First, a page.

Category “B” also includes products that have been raised on the farm, but the intention is not to sell them, but rather to use them as an input in another production process. Crops raised for animal feed are a common example. Typically, these products do not meet the criteria, and the FFSC recommends the lower of cost or market value. This can be a dilemma as there is no purchase cost, only the cost it took to raise the product, which may not be easily determined.

Category “C” is purchased inventory, but a specific type of purchased inventory, i.e. it could have been increased as well. Purchased feeder cattle and purchased corn (for animal feed) are two examples of purchased products that could have been grown on the farm. Category “C” has two subcategories. The first (C1) concerns products purchased with the intention of adding value and reselling them (feeder cattle). The nature of this type of inventory is this: its value changes as more books are put in, and the balance sheet must recognize the increase in value over its original cost. The second (C2) concerns products such as maize purchased with the intention of using them as an input (animal feed). The FFSC recommendation is the lower of cost or market value. Table 2 reflects my personal preference, which is to assess at cost.

Valuing inventory

Category “D” includes raw materials purchased for use as inputs and stocks that cannot be cultivated, such as seeds, fertilizers and fuel. There is a definable purchase price, and the FFSC recommends using the cost value on the balance sheet.

These recommendations are full of questions that begin with “but what if…”. For example, “but what if the corn that I buy with the intention of using it as food is mixed with corn that I have raised?” In the case of mixed products, the FFSC recommends assuming that all of the reared product is used first and that what remains is the purchased product. If more inventory is available than the quantity of product purchased, use a pro-rated value.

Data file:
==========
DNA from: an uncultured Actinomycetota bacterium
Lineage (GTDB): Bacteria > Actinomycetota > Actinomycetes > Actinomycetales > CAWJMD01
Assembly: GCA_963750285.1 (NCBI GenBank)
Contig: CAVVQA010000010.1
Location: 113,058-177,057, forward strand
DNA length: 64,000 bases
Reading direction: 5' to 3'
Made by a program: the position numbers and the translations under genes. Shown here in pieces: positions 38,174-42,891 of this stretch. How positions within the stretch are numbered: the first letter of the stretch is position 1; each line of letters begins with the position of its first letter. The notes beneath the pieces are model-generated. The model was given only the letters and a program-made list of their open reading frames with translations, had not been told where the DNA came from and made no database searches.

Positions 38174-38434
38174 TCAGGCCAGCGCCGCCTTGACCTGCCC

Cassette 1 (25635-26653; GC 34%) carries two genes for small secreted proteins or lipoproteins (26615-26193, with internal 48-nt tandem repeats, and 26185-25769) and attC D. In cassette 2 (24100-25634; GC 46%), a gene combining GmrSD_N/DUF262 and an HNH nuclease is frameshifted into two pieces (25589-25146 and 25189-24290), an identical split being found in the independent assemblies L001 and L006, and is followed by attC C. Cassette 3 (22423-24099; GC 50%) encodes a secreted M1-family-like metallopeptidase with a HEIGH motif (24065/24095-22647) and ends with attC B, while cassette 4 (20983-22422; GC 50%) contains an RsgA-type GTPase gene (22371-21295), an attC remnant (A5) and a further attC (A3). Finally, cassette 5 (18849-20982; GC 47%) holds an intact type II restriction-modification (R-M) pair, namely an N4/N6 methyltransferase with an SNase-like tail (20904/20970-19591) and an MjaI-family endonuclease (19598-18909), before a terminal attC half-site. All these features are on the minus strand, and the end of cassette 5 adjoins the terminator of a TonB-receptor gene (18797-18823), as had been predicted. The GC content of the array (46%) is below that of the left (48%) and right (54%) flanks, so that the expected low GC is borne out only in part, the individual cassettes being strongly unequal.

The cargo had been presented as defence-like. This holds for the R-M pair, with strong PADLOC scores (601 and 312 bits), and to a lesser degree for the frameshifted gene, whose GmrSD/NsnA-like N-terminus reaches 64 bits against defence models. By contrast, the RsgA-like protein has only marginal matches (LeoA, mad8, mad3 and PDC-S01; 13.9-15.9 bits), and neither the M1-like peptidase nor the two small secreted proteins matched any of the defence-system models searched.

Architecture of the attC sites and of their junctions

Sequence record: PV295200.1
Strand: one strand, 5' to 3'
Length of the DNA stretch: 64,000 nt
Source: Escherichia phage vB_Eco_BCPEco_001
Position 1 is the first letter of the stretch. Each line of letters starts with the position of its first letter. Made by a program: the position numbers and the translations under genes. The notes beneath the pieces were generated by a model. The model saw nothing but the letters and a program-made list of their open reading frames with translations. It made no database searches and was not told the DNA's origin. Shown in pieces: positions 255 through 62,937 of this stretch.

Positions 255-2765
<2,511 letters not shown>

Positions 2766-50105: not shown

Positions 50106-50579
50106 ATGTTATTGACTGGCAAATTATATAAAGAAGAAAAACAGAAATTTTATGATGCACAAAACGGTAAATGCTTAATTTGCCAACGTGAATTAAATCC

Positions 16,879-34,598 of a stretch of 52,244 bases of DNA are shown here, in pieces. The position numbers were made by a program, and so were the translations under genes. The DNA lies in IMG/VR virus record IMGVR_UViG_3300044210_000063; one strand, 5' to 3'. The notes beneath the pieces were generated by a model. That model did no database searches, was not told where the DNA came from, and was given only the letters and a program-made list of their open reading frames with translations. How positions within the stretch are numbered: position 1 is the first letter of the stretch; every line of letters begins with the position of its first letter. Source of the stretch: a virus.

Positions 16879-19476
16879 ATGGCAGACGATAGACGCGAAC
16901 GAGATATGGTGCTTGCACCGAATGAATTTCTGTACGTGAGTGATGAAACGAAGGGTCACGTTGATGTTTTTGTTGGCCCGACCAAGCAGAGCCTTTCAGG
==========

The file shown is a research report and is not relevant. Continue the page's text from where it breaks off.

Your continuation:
However, let’s refrain from chasing after squirrels with “but what if…” questions and instead recall three important words – reasonable, precise and consistent. The last of these words, “consistent”, may be the most important. Over time, you want your balance sheet to show “real” changes in your financial situation. If you are consistent in how stocks and other assets are valued, then the “change” in equity is more likely to be “real” rather than simply reflecting a change in valuation methods.


What does this mean for you tomorrow after breakfast? Talk to your bookkeeper / bookkeeper and find out how the different types of inventory are valued. Are different types of inventory classified and valued differently? If so, what is the categorization and how is it valued? Is it done the same way every year? What are the standard operating procedures for determining the appropriate inventory quantities and prices? Are these procedures written down? If changes are warranted, you may also want to edit the last two balance sheets so that your trends are comparable. Finally, be sure to provide footnote explanations of any written procedural changes for all to see.

An accurate balance sheet can be used with other financial statements to determine where the balls and chains that hold back profitability might be. However, asset valuation is fraught with pitfalls and potential potholes. These holes and potholes can be fixed by establishing reasonable, accurate and, most importantly, consistent accounting procedures and practices. end mark

Kevin bernhardt
  • Kevin bernhardt

  • Agricultural management specialist
  • Extension of the University of Wisconsin
  • Dairy Profitability Center and UW – Platteville
  • Email to Kevin Bernhardt